Root Metaphor: The Live Thought of Stephen C. Pepper

Review of Metaphysics 36 (1):162-163 (1982)

Abstract
For scholars of American philosophy, this anthology of essays on S. C. Pepper's works on metaphysics, aesthetics, and value theory is especially a welcome one. Also included is a reprint of a little known but valuable essay by Pepper entitled "Metaphor in Philosophy," which originally appeared in volume 3 of Phillip S. Wiener's Dictionary of the History of Ideas. In this essay, Pepper discusses his root metaphor theory in relation to Bacon and Kant, and some contemporary uses of the notion of paradigm, e.g., Wittgenstein and Kuhn. Lewis E. Hahn's "The Stephen C. Pepper Papers, 1903-1972" gives an informative account of six book-length unpublished manuscripts in the Pepper Archives at the Southern Illinois University. The rest of the essays concentrate on the various aspects of Pepper's works. A few deal with aesthetic theory and its application to critical practice. Of philosophical interests are papers by Elmer H. Duncan, David B. Richardson, Robert J. Yanal, Robert L. Armstrong, and Brian Caraher, and a short essay by Charles Hartshorne and a response by Joseph H. Monast. Duncan gives a just but critical account of the neglect of Pepper's Sources of Value, and a highly appreciative appraisal of Pepper's World Hypotheses. Caraher's careful essay on the conflicting root metaphors in Frege's theory of meaning offers interesting application of Pepper's conception of formism and contextualism to problems in Frege's philosophy. A variety of problems such as the root metaphor theory, descriptive definition and aesthetic experience are discussed. Efron's long introductory essay entitled "Pepper's Continuing Value" serves its purpose well in terms of indicating Pepper's influence in non-philosophical disciplines and the problems that arise in Pepper's value theory. What is missed is a sustained critical examination of Pepper's root metaphor theory, characterization of the various world hypotheses including Pepper's own selectivism, and its relation to ethical theory. The anthology however is useful in indicating the scope of Pepper's influence and the need to examine his contributions with reference to contemporary philosophical problems.--A.S.C.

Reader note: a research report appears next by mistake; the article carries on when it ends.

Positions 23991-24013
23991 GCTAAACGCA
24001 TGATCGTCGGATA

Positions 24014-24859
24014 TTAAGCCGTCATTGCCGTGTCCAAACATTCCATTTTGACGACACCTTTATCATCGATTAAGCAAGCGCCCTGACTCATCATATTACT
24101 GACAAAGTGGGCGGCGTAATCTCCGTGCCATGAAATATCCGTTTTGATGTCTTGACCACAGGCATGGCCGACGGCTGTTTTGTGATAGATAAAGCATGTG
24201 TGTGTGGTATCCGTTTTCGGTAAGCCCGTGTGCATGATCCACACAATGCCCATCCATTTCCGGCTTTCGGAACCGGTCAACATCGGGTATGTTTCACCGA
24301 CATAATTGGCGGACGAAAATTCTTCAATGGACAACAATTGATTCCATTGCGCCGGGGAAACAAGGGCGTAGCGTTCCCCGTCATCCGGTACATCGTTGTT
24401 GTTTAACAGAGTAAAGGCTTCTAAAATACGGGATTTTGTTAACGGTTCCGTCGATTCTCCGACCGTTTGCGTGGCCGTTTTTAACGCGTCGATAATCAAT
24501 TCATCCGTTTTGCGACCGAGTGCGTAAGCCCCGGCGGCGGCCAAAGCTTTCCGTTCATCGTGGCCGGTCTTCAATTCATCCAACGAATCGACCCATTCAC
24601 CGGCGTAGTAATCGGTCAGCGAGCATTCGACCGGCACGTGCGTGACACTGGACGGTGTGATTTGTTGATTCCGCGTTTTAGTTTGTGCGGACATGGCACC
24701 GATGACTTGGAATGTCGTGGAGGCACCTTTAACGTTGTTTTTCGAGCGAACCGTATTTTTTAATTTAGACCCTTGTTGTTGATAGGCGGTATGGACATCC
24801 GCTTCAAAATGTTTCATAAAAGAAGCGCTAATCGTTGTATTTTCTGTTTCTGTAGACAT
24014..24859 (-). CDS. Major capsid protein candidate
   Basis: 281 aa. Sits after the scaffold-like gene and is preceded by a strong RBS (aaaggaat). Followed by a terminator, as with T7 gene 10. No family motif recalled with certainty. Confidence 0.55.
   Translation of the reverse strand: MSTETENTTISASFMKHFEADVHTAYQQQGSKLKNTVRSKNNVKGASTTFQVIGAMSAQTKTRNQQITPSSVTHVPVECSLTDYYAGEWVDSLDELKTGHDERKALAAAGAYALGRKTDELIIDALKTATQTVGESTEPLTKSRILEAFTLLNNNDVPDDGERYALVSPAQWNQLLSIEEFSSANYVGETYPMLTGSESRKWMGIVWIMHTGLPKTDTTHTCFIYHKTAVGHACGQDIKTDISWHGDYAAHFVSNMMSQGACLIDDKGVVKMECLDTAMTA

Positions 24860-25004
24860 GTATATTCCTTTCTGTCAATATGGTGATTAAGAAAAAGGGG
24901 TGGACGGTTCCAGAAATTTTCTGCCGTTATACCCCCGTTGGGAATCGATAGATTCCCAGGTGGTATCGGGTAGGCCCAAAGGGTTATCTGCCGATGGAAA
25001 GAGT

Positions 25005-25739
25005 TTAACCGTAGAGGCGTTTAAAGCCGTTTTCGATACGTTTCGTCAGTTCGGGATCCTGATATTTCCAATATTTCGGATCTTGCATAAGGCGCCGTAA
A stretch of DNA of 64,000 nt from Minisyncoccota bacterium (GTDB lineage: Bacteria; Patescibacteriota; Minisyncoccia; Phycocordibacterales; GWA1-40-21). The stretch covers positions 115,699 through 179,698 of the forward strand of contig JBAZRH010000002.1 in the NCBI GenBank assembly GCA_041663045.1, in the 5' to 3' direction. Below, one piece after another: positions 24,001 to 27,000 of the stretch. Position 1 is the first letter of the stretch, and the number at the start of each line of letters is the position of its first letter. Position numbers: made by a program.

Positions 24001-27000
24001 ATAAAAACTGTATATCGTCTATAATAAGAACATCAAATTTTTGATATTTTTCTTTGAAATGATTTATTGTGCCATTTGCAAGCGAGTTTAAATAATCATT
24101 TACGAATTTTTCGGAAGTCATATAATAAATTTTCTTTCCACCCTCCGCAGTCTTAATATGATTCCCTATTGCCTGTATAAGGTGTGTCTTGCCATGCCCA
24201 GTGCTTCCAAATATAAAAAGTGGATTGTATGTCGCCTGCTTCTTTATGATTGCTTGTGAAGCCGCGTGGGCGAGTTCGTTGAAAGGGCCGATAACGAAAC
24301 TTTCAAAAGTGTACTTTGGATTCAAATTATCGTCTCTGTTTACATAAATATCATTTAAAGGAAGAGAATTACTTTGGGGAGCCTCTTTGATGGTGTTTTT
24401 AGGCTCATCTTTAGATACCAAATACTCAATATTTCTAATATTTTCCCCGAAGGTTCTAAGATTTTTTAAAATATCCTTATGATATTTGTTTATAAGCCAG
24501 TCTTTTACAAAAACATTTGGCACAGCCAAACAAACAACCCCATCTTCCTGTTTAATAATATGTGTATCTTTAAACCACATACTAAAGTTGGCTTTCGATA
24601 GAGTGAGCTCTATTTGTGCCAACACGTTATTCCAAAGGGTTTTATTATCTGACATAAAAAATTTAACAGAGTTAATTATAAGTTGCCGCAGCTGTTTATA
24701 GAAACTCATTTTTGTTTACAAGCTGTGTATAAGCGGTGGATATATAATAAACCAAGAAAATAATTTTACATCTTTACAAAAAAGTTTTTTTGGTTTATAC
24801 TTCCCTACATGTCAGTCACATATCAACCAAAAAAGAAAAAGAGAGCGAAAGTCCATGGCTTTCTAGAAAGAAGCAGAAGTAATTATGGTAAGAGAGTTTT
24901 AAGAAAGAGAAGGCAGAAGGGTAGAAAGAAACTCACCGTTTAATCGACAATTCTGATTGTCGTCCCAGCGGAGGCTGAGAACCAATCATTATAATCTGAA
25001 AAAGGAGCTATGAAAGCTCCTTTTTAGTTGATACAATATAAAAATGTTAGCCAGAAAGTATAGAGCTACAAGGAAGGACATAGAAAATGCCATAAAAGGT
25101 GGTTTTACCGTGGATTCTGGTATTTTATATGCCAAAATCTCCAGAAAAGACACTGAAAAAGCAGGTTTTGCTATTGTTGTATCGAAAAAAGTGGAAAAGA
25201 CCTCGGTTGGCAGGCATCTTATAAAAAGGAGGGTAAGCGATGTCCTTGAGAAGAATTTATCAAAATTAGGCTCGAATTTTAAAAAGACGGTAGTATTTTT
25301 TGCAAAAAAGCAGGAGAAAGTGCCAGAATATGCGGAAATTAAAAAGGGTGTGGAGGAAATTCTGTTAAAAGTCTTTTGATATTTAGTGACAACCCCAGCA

Keywords Catholic Tradition  Contemporary Philosophy  General Interest
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ISBN(s) 0034-6632
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